Malacology


Malacology is the scientific study of molluscs (phylum Mollusca), the most diverse living group of animals. There are around 130,000 living species of molluscs, including forms as diverse as giant squid and tiny pea clams.

The phylum Mollusca is divided into nine taxonomic classes including gastropods (snails and slugs), bivalves (clams, mussels, oysters etc.), cephalopods (cuttlefish, squids, octopuses etc.), scaphopods (tusk shells), Polyplacophora (chitons),  Monoplacophora, two groups of aplacophoran worm-molluscs and the extinct Rostroconchia. Most species of molluscs carry a calcareous shell covering the soft-bodied animal but many groups do not have a shell (terrestrial and marine slugs, most cephalopods, aplacophorans), or have shells or armour with diverse adaptations: dorid nudibranchs or sea lemons have an internal skeletons made of spicules, the scaly-foot snail Chrysomallon squamiferum has scale-armour, or the family Juliidae are tiny green snails with a bivalve-like shell.

Molluscs inhabit marine, land and freshwater habitats and are important members of nearly every ecosystem and food chain. Molluscs  are an increasingly significant global food source for humans. And mollusc shells are used in many ways for jewellery and arts and crafts. Some species are vectors of parasites which cause severe human diseases. Fossil shells are used to determin the stratigraphic age of rocks and to reconstruce of past ecosystems and climate.

Pollution and habitat destruction threaten many mollusc, especially terrestrial gastropods and freshwater bivalves that are in danger of extinction and need conservation measures. Some attractive seashells like the giant Tridacna clams may not be traded under the law of the Convention on International Trade in Endangered Species of Wild Fauna and Flora (CITES). Work in our section has contributed to recognising species under threat of extinction through the IUCN Red List of Threatened Species.

Malacology @ Senckenberg

The Malacology Section of the Senckenberg Research Institute Frankfurt am Main belongs to the Division of Marine Zoology. The research of our members focusses on systematics and taxonomy.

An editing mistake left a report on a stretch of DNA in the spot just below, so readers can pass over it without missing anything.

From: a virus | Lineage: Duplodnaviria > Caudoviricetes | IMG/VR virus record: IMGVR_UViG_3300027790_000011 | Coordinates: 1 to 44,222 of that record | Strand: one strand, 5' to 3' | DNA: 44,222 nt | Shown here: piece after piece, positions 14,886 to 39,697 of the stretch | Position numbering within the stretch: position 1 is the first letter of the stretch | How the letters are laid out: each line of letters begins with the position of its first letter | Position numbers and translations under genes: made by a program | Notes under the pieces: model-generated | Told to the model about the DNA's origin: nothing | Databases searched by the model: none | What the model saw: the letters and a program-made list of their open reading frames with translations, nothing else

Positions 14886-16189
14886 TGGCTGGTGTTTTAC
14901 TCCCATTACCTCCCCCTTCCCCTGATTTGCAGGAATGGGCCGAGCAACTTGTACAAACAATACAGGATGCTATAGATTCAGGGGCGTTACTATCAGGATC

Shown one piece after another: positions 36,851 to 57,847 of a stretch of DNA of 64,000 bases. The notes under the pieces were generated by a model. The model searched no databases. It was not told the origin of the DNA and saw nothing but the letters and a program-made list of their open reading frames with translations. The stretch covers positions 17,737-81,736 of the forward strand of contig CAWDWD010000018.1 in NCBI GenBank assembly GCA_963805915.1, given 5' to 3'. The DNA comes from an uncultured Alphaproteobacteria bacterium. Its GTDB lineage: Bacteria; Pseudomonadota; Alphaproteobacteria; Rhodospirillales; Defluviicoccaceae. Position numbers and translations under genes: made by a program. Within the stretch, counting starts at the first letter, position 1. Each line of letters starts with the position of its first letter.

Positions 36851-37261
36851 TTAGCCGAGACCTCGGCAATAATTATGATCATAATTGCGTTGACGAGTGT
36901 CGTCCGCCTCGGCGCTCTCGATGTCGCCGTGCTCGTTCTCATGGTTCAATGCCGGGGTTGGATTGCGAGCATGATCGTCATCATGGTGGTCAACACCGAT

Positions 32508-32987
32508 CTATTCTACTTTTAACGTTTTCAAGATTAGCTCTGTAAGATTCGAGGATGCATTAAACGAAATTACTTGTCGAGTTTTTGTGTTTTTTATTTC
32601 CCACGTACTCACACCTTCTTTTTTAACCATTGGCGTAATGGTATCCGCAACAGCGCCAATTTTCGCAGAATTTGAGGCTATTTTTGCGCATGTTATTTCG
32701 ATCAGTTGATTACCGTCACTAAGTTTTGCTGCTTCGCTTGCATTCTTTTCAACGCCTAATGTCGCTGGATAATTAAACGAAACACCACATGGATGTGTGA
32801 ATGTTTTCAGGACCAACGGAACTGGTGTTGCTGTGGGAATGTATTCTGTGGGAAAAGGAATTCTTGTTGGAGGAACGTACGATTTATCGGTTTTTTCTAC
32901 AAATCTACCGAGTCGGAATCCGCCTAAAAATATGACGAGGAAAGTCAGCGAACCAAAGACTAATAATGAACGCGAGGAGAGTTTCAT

Senckenberg also includes two other museums with malacological collections, in other cities in Germany:

Malacology Dresden

Malacology Görlitz

History

The Malacology Section was established in 1823 and thus we are among the oldest divisions of the Senckenberg Research Institute.

Very early in our history, we received material that is still scientifically very important, especially from the Red Sea, through the collections of E. Rüppell. In the 1840s, the famous English collector H. Cuming donated a lot of valuable material in exchange for many ‘duplicate’ syntypes among Rüppell’s material.

The German Malacological Society (Deutsche Malakozoologische Gesellschaft) was founded here in 1868, and our collection gained further international importance through the activities of volunteer curators like Wilhelm Kobelt, Oskar Boettger and Otto von Moellendorff. The society’s journal, Archiv für Molluskenkunde, was founded in 1868 and edited by the head of the mollusc section. Important voucher from published papers came and still comes into the collection. Traditionally our collections’ main strengths are land and freshwater molluscs, and this was expanded under the curatorships of Fritz Haas (1910-1936) and Adolf Zilch (1936-1976). The work of Ronald Janssen (1976-2017) extended the collections assets in Tertiary fossil material and marine collections. Dr Julia Sigwart took over as Head of Section in 2020 and continues to grow especially the global marine collections.

Stay Connected

Senckenberg hosts the global email listserve for molluscan science, Molluscalist. This is open to all molluscan researchers. The list is managed through the German National Research Network Deutsches Forschungsnetz (DFN), on behalf of Unitas Malacologica. To subscribe, please use this link

https://www.listserv.dfn.de/sympa/subscribe/molluscalist